--Order of Events

3-46. Usually, as part of a larger element, the Infantry platoon conducts the defense performing several integrated and overlapping activities. The following paragraphs focus on the tactical considerations and procedures involved in each activity. This discussion shows an attacking enemy that uses depth in its operations, but there will be situations where a platoon must defend against an enemy that does not have a doctrinal operational foundation. The platoon must be prepared to defend against such threats. This unconventional (insurgent or terrorist force) enemy situation requires a more flexible plan that allows for more responsive and decentralized control of combat power rather than spreading it evenly throughout the platoon’s area of operation. The platoon also may conduct ‘base-camp’ (Refer to FM 3-21.10 for more information.) or perimeter defense along with offense and patrolling against terrorist and insurgent forces. (Refer to chapter 6 of this publication for a discussion on patrol base activities.)

3-47. As the platoon leader plans his defense, he generally follows this order of events ─

  • Reconnaissance and surveillance (R&S) operations and enemy preparatory fires.
  • Occupation and preparation.
  • Approach of the enemy main attack.
  • Enemy assault.
  • Counterattack.
  • Consolidation and reorganization.



3-48. Security forces must protect friendly main battle area forces in order to allow them to prepare their defense. These security forces work in conjunction with and complement company and battalion security operations. The enemy will try to discover the defensive scheme of maneuver using reconnaissance elements and attacks by forward detachments and disruption elements. It also tries to breach the platoon’s tactical obstacles.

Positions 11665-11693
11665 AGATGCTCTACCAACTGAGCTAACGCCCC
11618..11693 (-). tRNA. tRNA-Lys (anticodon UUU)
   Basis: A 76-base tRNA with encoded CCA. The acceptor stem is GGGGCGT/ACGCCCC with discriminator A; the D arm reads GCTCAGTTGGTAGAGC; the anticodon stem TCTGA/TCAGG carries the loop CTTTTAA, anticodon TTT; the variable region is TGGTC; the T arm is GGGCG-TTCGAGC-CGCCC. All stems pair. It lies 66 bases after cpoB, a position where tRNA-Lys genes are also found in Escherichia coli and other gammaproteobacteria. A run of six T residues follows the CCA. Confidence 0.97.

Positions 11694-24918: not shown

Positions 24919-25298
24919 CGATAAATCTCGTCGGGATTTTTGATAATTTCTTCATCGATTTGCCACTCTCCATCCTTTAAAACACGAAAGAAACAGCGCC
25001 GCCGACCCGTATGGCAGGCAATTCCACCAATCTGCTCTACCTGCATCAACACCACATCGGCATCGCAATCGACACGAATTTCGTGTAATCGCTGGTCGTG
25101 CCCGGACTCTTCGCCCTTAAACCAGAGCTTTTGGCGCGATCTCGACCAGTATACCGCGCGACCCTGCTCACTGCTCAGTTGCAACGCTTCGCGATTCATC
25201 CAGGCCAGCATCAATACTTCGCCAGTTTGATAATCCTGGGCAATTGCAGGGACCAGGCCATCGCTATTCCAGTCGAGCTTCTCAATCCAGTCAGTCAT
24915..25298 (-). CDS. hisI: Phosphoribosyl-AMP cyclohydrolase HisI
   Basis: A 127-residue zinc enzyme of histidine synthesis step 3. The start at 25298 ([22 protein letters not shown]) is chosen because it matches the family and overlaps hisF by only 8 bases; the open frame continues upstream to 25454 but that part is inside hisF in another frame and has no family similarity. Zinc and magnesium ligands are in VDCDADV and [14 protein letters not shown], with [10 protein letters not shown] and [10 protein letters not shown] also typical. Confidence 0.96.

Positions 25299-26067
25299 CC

Army Sgt. from Reconnaissance Platoon looks through the scope of his rifle.

Army Sgt. from Reconnaissance Platoon looks through the scope of his rifle.

Security Force

3-49. The security force’s goals normally include providing early warning, destroying enemy reconnaissance units, and impeding and harassing enemy assault elements. The security force continues its mission until directed to displace. The commander also may use security forces in his deception effort to give the illusion of strength in one area while establishing the main defense in another. While conducting this type of security operation, the Infantry platoon may simultaneously have to prepare battle positions, creating a challenging time-management problem for the commander and his subordinate leaders.


3-50. During this activity, the Infantry platoon might be required to provide guides to pass the security force and might be tasked to close the passage lanes. The platoon also may play a role in shaping the battlefield. The platoon leader may position the platoon to deny likely enemy attack corridors to enhance flexibility and force enemy elements into friendly engagement area. When it is not conducting security or preparation tasks, the platoon normally occupies hide positions to avoid possible CBRN strikes or enemy artillery preparation.


3-51. A leader's reconnaissance is critical during this time in order for the platoon to conduct occupation without hesitation and begin the priorities of work. The participants in the reconnaissance are the platoon leader, platoon sergeant, and selected squad leaders, forward observer, RTO, and a security element. The goals are, but not limited to, identification of enemy avenues of approach, engagement area, sectors of fire, the tentative obstacle plan, indirect fire plan, observation post, rally point and command post locations. Operational security is critical during the occupation to ensure the platoon avoids detection and maintains combat power for the actual defense. Soldiers, at all levels of the platoon, must thoroughly understand their duties and responsibilities related to the occupation; they must be able to execute the occupation quickly and efficiently to maximize the time available for planning and preparation of the defense.